Thursday, January 14, 2010

A Climate Change - Earthquake Connection?

As we were watching coverage of the devastating Haiti quake last night, my wife asked me about a Wall Street Journal article I blogged about back in 2006, which explored the relationship between melting polar ice caps and an increase in tectonic activity:

Get this, regarding the work of geoscientist Allen Glazner of the University of North Carolina, Chapel Hill:

When he analyzed 800,000 years of activity from about 50 volcanoes in eastern California (the age of rocks formed from volcanic ash can be determined by radioactive dating), Prof. Glazner found that "the peaks of volcanic activity occurred when ice was retreating globally. At first I thought it was crazy, but other scientists also found evidence that climate affects volcanism." The likely mechanism: glacial retreat lifts pressure that had kept the magma conduit closed.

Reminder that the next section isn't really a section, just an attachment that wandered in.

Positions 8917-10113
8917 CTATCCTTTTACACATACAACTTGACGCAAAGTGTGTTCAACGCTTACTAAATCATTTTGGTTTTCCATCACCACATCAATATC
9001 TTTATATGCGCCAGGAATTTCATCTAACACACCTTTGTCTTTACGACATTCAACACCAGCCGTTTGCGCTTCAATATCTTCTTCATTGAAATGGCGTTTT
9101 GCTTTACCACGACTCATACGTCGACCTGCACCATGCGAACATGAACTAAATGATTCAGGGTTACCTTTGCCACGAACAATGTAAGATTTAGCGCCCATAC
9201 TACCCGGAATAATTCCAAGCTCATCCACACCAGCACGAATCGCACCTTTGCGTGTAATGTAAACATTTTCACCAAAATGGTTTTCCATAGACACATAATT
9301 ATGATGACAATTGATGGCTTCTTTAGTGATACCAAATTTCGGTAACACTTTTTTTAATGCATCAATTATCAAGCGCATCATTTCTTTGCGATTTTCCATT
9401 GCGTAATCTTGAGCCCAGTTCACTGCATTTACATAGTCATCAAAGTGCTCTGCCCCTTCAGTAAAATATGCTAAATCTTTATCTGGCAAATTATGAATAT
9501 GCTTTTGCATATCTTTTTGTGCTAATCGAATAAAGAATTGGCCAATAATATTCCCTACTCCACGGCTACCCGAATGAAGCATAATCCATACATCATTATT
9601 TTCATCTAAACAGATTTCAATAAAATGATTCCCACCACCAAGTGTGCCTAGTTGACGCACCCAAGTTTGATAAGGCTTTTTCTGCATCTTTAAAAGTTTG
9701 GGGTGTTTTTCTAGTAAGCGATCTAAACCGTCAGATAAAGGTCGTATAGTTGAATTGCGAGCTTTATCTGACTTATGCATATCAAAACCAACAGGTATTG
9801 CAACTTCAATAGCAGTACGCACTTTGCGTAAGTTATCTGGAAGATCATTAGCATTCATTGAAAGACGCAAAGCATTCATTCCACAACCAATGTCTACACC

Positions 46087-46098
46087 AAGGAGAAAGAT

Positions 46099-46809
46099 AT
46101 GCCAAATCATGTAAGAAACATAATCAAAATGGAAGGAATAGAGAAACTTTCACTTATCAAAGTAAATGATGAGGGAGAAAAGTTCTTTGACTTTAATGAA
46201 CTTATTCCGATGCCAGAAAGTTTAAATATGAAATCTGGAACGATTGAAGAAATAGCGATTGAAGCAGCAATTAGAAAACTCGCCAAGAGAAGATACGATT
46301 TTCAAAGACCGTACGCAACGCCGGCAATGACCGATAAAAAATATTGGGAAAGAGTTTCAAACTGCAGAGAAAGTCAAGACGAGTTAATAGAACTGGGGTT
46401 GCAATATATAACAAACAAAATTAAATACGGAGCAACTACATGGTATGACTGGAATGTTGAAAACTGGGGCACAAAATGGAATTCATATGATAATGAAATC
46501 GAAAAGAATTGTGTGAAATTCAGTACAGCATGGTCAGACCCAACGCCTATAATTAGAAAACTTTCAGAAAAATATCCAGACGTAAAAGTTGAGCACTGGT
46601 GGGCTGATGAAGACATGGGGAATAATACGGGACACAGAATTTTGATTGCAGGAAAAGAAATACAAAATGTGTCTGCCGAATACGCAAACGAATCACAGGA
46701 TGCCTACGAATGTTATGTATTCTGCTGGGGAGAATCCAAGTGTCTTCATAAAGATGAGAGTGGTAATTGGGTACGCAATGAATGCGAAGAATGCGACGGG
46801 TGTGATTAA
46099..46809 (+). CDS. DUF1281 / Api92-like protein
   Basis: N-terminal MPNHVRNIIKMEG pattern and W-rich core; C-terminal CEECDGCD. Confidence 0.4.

When it comes to global warming and earthquakes, geoscientist Patrick Wu of the University of Calgary warns that:

"The pressure of the ice sheet suppresses earthquakes, so removing that load triggers them."

Does that mean that the Haiti quake has any link to the melting of the polar ice caps?  Who knows.  Speaking with a prominent climate scientist about the subject, he called this area of research 'highly speculative' (though admittedly interesting).

But to see geoscientists finding that there even may be a link between climate disruption and tectonic activity is certainly unsettling.  I mean, does that finding extend to supervolcanoes like Yellowstone and Mt. Tambora?

Even if the climate change-earthquake connection remains a speculative field, the topic is a reminder of how by destabilizing the earth's climate system, we truly have no idea what kind of Pandora's Box we're opening...

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1 comment:

  1. Keep in mind, tectonic plates are straining at certain points. It doesn't take a lot to cause a slip.
    We need to stop the private auto... now! Start by making public transit fare-free.